The Anglican Church of Canada has removed a prayer calling for the conversion of the Jews.
By World Israel News Staff
The Anglican Church of Canada will remove a prayer for the conversion of the Jews. The Canadian Jewish News reports that it’s “being hailed as a milestone.”
The church’s governing body, the General Synod, approved nearly unanimously on July 16 the measure to replace the conversion prayer in the Book of Common Prayer with another entitled “For Reconciliation with the Jews.”
The amendment will need to be ratified at next General Synod in 2022. The church’s Vicar General of Quebec, Edward Simonton, says this is “‘just a formality,” the paper reports.
Right Rev. Bruce Myers, the Anglican bishop of Quebec, led the effort to remove the conversion prayer.
He told this year’s synod that persecution of Jews “is not a thing of the past, nor is it restricted to other parts of the world.” He mentioned the Tree of Life synagogue massacre in Pittsburgh as an example.
Myers said that the church should “assume a humble and reconciliatory stance with our Jewish elders in the faith,” adding, “It also invites Anglicans to be ever mindful of Christianity’s deep Jewish roots.”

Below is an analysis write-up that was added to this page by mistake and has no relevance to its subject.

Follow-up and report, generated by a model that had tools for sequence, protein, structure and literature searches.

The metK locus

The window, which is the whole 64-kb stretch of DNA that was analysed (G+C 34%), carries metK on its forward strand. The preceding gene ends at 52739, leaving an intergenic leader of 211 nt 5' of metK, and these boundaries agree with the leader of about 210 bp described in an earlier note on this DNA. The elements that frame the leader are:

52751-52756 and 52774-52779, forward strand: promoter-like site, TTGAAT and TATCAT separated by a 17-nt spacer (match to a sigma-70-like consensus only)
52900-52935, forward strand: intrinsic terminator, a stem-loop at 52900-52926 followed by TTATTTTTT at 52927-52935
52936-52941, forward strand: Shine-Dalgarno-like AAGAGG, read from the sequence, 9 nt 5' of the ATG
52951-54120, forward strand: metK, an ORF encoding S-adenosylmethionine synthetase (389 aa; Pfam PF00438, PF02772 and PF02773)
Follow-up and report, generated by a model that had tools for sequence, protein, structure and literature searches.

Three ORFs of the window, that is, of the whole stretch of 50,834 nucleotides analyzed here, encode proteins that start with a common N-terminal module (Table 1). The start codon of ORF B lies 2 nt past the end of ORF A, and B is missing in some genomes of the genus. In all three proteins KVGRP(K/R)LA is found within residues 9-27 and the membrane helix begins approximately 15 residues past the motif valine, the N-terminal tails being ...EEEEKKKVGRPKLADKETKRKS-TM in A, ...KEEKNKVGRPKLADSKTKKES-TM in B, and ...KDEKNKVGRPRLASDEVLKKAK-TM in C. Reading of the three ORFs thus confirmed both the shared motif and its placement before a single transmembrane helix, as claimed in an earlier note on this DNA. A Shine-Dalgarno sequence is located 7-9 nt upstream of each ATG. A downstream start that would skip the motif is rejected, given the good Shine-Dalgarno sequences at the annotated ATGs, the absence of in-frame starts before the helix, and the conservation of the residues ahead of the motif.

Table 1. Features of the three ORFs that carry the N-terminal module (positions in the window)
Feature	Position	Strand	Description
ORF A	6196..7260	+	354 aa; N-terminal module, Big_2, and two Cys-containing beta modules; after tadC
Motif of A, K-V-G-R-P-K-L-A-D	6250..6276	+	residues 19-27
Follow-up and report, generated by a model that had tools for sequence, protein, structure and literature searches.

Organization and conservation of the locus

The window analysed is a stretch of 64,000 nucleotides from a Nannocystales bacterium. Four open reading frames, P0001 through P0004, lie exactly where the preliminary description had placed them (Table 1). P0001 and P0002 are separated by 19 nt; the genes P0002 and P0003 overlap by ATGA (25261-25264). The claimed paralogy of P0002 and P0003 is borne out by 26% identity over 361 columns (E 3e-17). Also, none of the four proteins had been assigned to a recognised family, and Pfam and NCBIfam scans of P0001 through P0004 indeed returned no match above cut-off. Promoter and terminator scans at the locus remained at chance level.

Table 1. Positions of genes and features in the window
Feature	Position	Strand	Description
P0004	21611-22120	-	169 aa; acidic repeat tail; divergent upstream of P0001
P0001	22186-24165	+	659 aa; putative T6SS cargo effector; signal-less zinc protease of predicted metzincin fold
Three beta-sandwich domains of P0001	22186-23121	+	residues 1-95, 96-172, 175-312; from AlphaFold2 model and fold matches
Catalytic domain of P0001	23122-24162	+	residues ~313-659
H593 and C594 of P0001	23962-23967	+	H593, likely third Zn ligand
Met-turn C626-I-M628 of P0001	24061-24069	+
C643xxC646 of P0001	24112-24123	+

The “Prayer for the Conversion of the Jews,” asked God to “hasten the time when all Israel shall be saved” by accepting the Christian Messiah.
The new prayer “For reconciliation with the Jews,” was worked on by the Anglican Church, the Prayer Book Society of Canada, and the Canadian Rabbinic Caucus, the paper reports.
It reads: “O God, who didst choose Israel to be thine inheritance: Have mercy upon us and forgive us for violence and wickedness against our brother Jacob; the arrogance of our hearts and minds hath deceived us, and shame hath covered our face. Take away all pride and prejudice in us, and grant that we, together with the people whom thou didst first make thine own, may attain to the fulness of redemption which thou hast promised; to the honour and glory of thy most holy Name.”
Rabbi Adam Stein of Congregation Beth Israel in Vancouver and Rabbi Reuben Poupko of Montreal both praised the new prayer, the Canadian Jewish News reports.
Poupko acknowledged the synod for its “principled decision, which represents a milestone in Anglican-Jewish relations.”